HabsWorld.net -- 

The new economic realities of a new Collective Bargaining Agreement are all but imminent, and with that is a phrase that many owners and fans alike have been yearning to hear, a salary cap.  Ideally, this will further add to the ever-increasing parity in the NHL, as all teams will be forced to spend a similar amount of money on player salaries.  In other words, the era of the New York Rangers and others signing players to ludicrous deals will soon be over.

Although nothing is yet official, let’s look at some of the notable reported aspects of a cap.  54% of all defined league revenue will be allotted to player salaries.  All players under contract after the now defunct 2004-05 campaign will have their salaries reduced by 24%.  All players who play beginning in the next season (hopefully 05-06) will have 15% of their pay deducted and placed in an escrow account*.  The reported payroll ceiling (maximum) will reportedly be between 36 and 40 million USD, and the floor (minimum) at about $24 million USD.  It is reported that all signing bonuses and possibly incentive clauses will also be part of the cap.

* If the total player salaries for all 30 league teams exceed 54% of league revenue, the owners will receive a reimbursement of up to the 15% in the escrow account.  If any money remains in the league escrow account after this, all remaining funds will be re-distributed to all league players on an equal basis.  Some numbers for you now:  At a cap of $36 M, total league revenue must equal or exceed $2 billion USD, and if the cap is at $40 M, league revenue must exceed approximately $2.2225 billion USD.  All of this ties in with the 54% hard cap, if the percentage is different, these numbers will change.

Many Canadiens fans have been excited about this cap, believing that this will be beneficial to the team.  Today, we’ll look at existing player contracts, as well as last year’s salaries, and breakdown the numbers stated above to get a better idea of how it will affect the team.  First, we start with the players who are under contract for the 2005-06 season.

Player Original salary New salary Savings
Patrice Brisebois* $4,500,000 $3,420,000 $1,080,000
Craig Rivet $3,000,000 $2,280,000 $720,000
Radek Bonk $3,150,000 $2,394,000 $756,000
Sheldon Souray $2,800,000 $2,128,000 $672,000
Richard Zednik $2,400,000 $1,824,000 $576,000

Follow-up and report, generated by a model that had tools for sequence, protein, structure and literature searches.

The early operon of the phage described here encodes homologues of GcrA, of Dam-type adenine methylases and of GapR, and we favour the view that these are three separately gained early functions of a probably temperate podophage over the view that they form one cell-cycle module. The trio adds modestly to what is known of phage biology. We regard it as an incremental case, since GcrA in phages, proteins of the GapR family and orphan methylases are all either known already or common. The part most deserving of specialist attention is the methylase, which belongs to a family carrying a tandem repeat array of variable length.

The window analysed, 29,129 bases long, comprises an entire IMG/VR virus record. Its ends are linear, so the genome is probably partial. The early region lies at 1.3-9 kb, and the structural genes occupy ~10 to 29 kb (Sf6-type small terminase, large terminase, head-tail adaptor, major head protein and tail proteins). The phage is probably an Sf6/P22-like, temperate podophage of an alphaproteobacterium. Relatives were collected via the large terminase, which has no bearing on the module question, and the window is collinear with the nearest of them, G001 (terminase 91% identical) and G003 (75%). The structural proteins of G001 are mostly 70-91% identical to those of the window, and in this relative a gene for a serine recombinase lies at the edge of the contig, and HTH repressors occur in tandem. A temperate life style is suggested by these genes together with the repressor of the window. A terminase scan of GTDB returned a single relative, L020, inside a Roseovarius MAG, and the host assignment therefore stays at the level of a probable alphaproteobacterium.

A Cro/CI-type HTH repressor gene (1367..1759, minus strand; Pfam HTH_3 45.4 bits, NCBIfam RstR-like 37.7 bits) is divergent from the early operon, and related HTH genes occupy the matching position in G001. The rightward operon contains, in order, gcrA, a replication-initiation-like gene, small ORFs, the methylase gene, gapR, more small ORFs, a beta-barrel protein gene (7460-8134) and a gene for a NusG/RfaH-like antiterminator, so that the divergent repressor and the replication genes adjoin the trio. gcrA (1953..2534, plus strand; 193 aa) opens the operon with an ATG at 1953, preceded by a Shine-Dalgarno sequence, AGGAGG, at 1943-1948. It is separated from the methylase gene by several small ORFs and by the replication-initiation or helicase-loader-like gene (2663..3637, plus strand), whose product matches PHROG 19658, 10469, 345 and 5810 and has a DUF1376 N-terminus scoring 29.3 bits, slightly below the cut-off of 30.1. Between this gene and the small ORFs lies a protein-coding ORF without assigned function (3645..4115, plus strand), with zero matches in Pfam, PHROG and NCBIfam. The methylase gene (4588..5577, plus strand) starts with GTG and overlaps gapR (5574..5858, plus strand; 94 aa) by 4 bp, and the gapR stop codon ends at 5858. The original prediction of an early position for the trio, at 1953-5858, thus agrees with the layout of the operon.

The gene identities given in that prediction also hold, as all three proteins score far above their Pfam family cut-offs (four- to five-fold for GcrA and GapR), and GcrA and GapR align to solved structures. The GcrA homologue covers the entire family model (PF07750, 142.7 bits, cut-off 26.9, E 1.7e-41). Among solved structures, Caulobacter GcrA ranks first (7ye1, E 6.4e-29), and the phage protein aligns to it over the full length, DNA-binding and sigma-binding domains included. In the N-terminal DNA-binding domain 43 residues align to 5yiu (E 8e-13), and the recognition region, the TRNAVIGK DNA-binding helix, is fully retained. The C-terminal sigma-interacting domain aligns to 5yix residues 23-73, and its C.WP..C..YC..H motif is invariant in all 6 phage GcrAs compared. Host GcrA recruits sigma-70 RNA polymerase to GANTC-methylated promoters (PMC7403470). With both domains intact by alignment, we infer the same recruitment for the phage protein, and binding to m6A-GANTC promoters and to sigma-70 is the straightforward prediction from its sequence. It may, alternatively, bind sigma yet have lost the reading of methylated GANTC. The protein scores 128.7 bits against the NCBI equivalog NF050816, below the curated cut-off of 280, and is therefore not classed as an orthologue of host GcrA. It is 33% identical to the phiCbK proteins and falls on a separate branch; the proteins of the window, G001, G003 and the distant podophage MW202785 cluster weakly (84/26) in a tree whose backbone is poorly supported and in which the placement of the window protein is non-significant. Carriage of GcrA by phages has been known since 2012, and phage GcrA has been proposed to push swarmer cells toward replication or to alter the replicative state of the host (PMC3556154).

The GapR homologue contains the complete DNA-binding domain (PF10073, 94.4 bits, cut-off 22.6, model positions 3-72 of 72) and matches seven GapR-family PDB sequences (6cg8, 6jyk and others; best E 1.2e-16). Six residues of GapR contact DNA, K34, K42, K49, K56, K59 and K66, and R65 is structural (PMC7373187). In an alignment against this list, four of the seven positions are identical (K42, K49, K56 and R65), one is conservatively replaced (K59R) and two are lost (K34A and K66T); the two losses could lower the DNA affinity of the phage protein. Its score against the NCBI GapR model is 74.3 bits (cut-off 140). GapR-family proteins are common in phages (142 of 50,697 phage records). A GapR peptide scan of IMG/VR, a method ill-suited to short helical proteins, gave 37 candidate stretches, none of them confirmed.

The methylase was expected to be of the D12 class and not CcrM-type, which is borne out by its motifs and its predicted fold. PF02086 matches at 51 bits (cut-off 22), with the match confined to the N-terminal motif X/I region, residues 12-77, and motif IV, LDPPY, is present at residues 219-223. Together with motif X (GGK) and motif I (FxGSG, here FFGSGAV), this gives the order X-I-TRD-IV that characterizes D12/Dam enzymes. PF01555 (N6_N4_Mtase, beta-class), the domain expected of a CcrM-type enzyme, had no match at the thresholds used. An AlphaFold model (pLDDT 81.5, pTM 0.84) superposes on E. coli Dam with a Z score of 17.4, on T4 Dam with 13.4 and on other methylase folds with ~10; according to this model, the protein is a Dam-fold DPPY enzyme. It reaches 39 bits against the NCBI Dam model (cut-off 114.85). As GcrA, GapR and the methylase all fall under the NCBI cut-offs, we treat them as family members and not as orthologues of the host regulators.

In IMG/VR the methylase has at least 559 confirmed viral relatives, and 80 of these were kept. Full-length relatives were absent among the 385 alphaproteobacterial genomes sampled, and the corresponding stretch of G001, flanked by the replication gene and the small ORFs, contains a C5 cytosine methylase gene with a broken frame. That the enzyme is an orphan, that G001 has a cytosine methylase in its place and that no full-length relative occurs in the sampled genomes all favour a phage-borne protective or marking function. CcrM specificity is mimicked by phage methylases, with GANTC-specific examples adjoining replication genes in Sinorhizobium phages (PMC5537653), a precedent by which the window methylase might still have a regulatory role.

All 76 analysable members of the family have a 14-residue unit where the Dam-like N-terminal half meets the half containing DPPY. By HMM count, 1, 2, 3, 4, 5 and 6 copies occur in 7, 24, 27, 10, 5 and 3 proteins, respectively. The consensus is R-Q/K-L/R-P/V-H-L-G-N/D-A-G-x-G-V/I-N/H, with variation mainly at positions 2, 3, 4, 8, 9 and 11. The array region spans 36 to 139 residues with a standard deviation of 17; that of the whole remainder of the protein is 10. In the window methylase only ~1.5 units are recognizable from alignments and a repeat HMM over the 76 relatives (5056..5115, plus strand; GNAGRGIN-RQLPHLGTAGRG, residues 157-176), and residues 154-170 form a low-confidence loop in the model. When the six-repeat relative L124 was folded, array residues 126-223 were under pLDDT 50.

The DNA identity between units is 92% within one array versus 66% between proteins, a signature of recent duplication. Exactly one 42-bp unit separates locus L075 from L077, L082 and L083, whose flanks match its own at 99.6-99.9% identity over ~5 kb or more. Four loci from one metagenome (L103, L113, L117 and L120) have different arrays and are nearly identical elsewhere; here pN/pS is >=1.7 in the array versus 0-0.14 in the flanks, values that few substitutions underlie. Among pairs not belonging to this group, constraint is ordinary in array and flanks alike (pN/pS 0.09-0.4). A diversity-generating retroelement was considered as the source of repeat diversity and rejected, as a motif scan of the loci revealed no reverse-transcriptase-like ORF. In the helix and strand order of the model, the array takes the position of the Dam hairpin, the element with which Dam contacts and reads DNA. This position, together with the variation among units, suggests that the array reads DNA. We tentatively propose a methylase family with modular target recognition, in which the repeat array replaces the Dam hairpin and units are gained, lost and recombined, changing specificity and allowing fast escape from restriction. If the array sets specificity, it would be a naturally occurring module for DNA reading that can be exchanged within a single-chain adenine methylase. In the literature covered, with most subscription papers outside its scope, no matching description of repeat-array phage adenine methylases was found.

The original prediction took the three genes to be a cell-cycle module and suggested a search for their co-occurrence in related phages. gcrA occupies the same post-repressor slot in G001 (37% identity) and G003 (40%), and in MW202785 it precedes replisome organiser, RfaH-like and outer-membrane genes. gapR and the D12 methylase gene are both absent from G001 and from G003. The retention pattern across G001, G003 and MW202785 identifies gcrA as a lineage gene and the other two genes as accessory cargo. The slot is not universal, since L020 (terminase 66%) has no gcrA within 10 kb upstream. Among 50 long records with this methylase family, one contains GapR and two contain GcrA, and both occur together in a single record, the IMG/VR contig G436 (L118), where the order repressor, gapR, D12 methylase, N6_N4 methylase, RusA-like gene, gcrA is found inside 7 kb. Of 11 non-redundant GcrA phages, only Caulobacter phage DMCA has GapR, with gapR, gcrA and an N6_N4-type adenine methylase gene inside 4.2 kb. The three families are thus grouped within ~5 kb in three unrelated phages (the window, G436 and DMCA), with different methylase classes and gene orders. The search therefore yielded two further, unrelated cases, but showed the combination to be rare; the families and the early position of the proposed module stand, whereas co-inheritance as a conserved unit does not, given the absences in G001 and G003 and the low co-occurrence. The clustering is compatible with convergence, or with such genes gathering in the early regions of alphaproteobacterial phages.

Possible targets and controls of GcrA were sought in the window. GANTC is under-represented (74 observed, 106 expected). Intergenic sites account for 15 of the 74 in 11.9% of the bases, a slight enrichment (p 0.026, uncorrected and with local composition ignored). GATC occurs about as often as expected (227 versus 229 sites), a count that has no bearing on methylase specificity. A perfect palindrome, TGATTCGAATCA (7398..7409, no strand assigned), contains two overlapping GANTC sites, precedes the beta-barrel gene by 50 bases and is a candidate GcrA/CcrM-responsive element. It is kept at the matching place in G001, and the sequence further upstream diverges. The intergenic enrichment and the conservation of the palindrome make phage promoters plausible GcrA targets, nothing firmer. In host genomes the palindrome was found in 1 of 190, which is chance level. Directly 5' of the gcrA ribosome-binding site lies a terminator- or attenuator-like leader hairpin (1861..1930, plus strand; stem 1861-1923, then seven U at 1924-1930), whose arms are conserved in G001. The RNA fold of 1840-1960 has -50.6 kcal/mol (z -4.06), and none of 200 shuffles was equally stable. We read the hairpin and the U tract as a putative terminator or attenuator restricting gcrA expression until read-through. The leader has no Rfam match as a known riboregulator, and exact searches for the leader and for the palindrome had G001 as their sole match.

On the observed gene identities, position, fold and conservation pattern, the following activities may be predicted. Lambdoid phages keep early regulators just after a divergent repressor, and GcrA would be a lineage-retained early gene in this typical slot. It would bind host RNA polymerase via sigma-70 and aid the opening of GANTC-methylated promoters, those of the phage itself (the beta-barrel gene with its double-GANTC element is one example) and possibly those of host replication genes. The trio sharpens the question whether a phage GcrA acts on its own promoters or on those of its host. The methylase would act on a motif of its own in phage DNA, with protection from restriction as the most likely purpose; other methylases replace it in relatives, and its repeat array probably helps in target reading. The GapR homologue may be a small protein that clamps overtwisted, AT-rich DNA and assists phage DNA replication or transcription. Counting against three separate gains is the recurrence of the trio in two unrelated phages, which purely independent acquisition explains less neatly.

Niklas Sundstrom $1,300,000 $988,000 $312,000
Steve Begin $800,000 $608,000 $192,000
Ron Hainsey $750,000 $570,000 $180,000
Cristobal Huet $600,000 $456,000 $144,000
Totals $19,300,000 $14,668,000 $4,632,000

* Montreal has a $1 M buyout option on Brisebois that reportedly will not count against the cap.

This leaves the Habs with $23,332,000 to spend for 14 players (app. $1.67 M per player), assuming the cap is placed in the middle of the range at $38 M.  If they opt to buyout Brisebois, Montreal would have $26,372,000 to spend on 15 players (app. 1.78 M per player).  Now, even though it is impossible to predict what the Habs’ free agents will sign for, let’s do some analysis and drop their 04-05 salaries by 24% and see where we stand. 

Player Most recent salary Salary with rollback Potential Savings
Mike Komisarek $1,130,000 $858,800 $271,200
Saku Koivu $4,500,000 $3,420,000 $1,080,000
Jason Ward $800,000 $608,000 $192,000
Pierre Dagenais $500,000 $380,000 $120,000
Alexei Kovalev $6,500,000 (03-04) $4,940,000 $1,560,000
Jan Bulis $1,350,000 $1,026,000 $324,000
Francis Bouillon $500,000 $380,000 $120,000
Jose Theodore $6,000,000 $4,560,000 $1,440,000
Mike Ribeiro $1,550,000 $1,178,000 $372,000
Michael Ryder $605,000 (03-04) $459,800 $145,200
Andrei Markov $1,800,000 $1,368,000 $432,000
Totals $25,235,000 $19,178,600 $6,056,400

Because Kovalev (UFA) and Ryder (RFA) were unsigned before the lockout began, their 03-04 salaries were used.  Other unrestricted free agents such as Yanic Perreault and Karl Dykhuis were not included as they are not expected to return to the team. 

Now, the hypothetical payroll (after rollback on current contracts and a 24% reduction on old deals) sits at $33,846,600 for 20 players, meaning that there are still 3 more roster spots to be filled, some of which will be filled by current AHL players.  Here are some of the notable AHL’ers who potentially could be in Montreal next season:

Player Most recent salary Salary with rollback Potential Savings
Chris Higgins 1,180,000 $896,800 $283,200
Marcel Hossa $1,075,000 (03-04)* $817,000 $258,200
Alex Perezhogin 1,130,000 $858,800 $271,200
Tomas Plekanec $700,000 (03-04) $532,000 $168,000
Totals $4,085,000 $3,104,600 $980,400

* Hossa signed a 1-year contract this past offseason, but the financial details were not disclosed.

With these 4 players under contract, and all the ones above, the hypothetical total for the payroll is now $36,951,200.  Keep in mind, most of these salaries are artificial, and Brisebois’s salary is also included.  This leaves a bit of wiggle room left, but do not expect the Canadiens to spend as close to the ceiling (projected at $38 M).  Here are a few points why:

– Existing bonuses and incentive clauses will be factored into team payroll
– The cap is expected to fluctuate up or down per season, and based on the prospective league revenues from earlier on, it’s probably going to go down next season, so it would be best to plan ahead.
– There is still a potential for a luxury tax, although it appears that may no longer exist.

Based on the above numbers, the Montreal Canadiens appear to be in somewhat decent shape when the new salary cap system is implemented in the near future.  They likely won’t be big spenders in the market, but they should have enough ‘bling-bling’ to lock up their own, and ice a competitive team for next season.